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Randall Williams

April 7, 2022

Senate Vote Sends MAPLand Act to the President’s Desk

Congress secures groundbreaking public land access win for hunters and anglers

The Senate has passed the Modernizing Access to our Public Land Act, which would enhance recreational opportunities on public land by investing in modern mapping systems that allow outdoor enthusiasts to access the information they need using handheld GPS technology commonly found in smartphones.

The MAPLand Act has been a top priority for sportsmen and sportswomen across the country. It is sponsored by Senator Jim Risch (R-Idaho) and co-sponsored by Senators Angus King (I-Maine), Joe Manchin (D-W.Va.), John Barrasso (R-Wyo.), Susan Collins (R-Maine), Ron Wyden (D-Oreg.), Mike Crapo (R-Idaho), Jon Tester (D-Mont.), Ted Cruz (R-Tex.), Tammy Baldwin (D-Wis.), Steve Daines (R-Mont.), Martin Heinrich (D-N.Mex.), Cynthia Lummis (R-Wyo.), Margaret Wood Hassan (D-N.H.), Jacky Rosen (D-Nev.), Mark Kelly (D-Ariz.), and John Hickenlooper (D-Colo.).

The Senate Energy and Natural Resources Committee passed the MAPLand Act on November 18, 2021, with unanimous support. A companion bill (H.R. 3113) cleared the House earlier this month in an overwhelmingly bipartisan vote. That version, following last night’s passage in the Senate, now only awaits a signature from President Biden before becoming law.

“Hunters and anglers as well as our partners in the outdoor industry have been vocal champions of the MAPLand Act since it was first introduced, because we know that this common-sense investment will empower more people to get outside and discover new recreational opportunities,” said Whit Fosburgh, president and CEO of the Theodore Roosevelt Conservation Partnership. “Last night’s vote is a huge win in ensuring that our public lands system is accessible to all Americans, and we are grateful to both Democratic and Republican leadership for their support of this legislation.”

The MAPLand Act will direct federal land management agencies to consolidate, digitize, and make publicly available recreational access information as geospatial files. Such records include information about:

  • Legal easements and rights-of-way across private land
  • Year-round or seasonal closures on roads and trails
  • Road-specific restrictions by vehicle-type
  • Boundaries of areas where special rules or prohibitions apply to hunting and shooting

“We appreciate the leadership shown by members of the Senate in seeing the MAPLand Act through to the finish line,” continued Fosburgh. “Hunters and anglers across the country have good reason to celebrate this moment, which again demonstrates that conservation and our uniquely American public lands system transcend partisanship.”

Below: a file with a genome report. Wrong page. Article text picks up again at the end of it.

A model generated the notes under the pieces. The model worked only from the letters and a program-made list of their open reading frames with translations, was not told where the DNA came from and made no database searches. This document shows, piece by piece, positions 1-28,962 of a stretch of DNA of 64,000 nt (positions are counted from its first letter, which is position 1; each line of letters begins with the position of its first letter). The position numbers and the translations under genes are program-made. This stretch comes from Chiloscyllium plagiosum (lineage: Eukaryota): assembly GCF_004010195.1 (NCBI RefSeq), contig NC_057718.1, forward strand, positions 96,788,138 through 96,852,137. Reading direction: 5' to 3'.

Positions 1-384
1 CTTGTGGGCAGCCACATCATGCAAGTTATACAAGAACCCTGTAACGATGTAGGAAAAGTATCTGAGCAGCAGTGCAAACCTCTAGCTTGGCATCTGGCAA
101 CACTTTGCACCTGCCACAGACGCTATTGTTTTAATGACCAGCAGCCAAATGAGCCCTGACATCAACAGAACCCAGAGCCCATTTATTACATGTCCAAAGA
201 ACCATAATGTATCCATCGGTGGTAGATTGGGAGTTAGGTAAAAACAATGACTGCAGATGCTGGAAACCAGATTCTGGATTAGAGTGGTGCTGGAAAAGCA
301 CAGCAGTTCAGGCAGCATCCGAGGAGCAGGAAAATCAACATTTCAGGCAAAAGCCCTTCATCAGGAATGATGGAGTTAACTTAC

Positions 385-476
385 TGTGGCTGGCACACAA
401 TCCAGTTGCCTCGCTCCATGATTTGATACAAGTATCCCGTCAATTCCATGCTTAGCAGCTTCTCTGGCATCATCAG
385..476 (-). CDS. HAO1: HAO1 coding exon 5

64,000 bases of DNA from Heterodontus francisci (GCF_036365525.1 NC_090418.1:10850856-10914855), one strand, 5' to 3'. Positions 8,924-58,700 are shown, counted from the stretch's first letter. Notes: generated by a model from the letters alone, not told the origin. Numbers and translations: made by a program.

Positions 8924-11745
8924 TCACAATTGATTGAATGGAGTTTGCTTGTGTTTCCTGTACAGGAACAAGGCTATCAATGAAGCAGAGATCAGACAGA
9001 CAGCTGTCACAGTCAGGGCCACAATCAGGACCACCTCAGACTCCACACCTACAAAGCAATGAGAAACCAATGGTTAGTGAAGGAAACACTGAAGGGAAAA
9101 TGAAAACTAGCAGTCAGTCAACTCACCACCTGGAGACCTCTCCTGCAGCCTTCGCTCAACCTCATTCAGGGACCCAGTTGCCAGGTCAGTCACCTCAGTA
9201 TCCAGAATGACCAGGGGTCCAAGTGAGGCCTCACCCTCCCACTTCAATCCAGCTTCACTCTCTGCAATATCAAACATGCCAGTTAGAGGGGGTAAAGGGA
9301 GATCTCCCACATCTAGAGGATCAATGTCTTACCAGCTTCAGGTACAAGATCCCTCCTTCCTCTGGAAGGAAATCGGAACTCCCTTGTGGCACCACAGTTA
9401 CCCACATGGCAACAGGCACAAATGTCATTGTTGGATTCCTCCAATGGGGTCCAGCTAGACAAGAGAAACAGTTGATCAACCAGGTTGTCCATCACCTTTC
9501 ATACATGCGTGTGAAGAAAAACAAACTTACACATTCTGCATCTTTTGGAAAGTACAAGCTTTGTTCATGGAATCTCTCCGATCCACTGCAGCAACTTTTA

7 Responses to “Senate Vote Sends MAPLand Act to the President’s Desk”

  1. Jack Delehanty

    Now let’s standardize the rules for Corner Crossing nationally by prohibiting prosecutions and lawsuits as in Carbon County, WY presently at Elk Mountain. Prevent bullies from denying ethical hunters’ and anglers’ and hikers’ lawful access to Public Lands.

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Randall Williams

March 15, 2022

Hunters and Anglers Applaud House MAPLand Act Passage

Groundbreaking public land access legislation awaits a vote in the Senate 

The House of Representatives has passed the Modernizing Access to our Public Land Act (H.R. 3113), which would enhance outdoor recreation opportunities on public land by investing in modern mapping systems that provide Americans with the public access information they need while using handheld GPS technology commonly found in smartphones.

Introduced by U.S. Representatives Blake Moore (R-Utah), Kim Schrier (D-Wash.), Russ Fulcher (R-Idaho), and Joe Neguse (D-Colo.) in May 2021, the MAPLand Act has been a top priority for hunters and anglers across the country. It was approved by the House Natural Resources Committee this past July with unanimous support.

“We thank House lawmakers for listening to the voices of public land users and for making a commonsense investment in the future of hunting, fishing, and outdoor recreation access,” said Whit Fosburgh, president and CEO of the Theodore Roosevelt Conservation Partnership. “The MAPLand Act will help more Americans to get outside and enjoy the unparalleled recreational opportunities found within our public land system. It is encouraging to see broad support for this legislation from both sides of the aisle, a welcome reminder that conservation and our outdoor heritage transcend party lines.”

The MAPLand Act will direct federal land management agencies to consolidate, digitize, and make publicly available recreational access information as geospatial files. Such records include information about:

  • Legal easements and rights-of-way across private land
  • Year-round or seasonal closures on roads and trails
  • Road-specific restrictions by vehicle-type
  • Boundaries of areas where special rules or prohibitions apply to hunting and shooting

Companion legislation in the Senate (S.904) passed out of the Senate Energy and Natural Resources Committee in November 2021, with unanimous support. The bill now needs to clear the full Senate before it can be delivered to the president’s desk and signed into law.

“Hunters want more information on where to gain access to public lands but often don’t know where to start and the information can be incomplete. The MAPLand Act will make it easier for sportsmen and women to enjoy our outdoor heritage with modernized information on how to access our public lands,” said Land Tawney, president and CEO of Backcountry Hunters & Anglers. “Thank you to the House of Representatives for coming together in an overwhelming display of support that will benefit all Americans. Now on to the Senate!”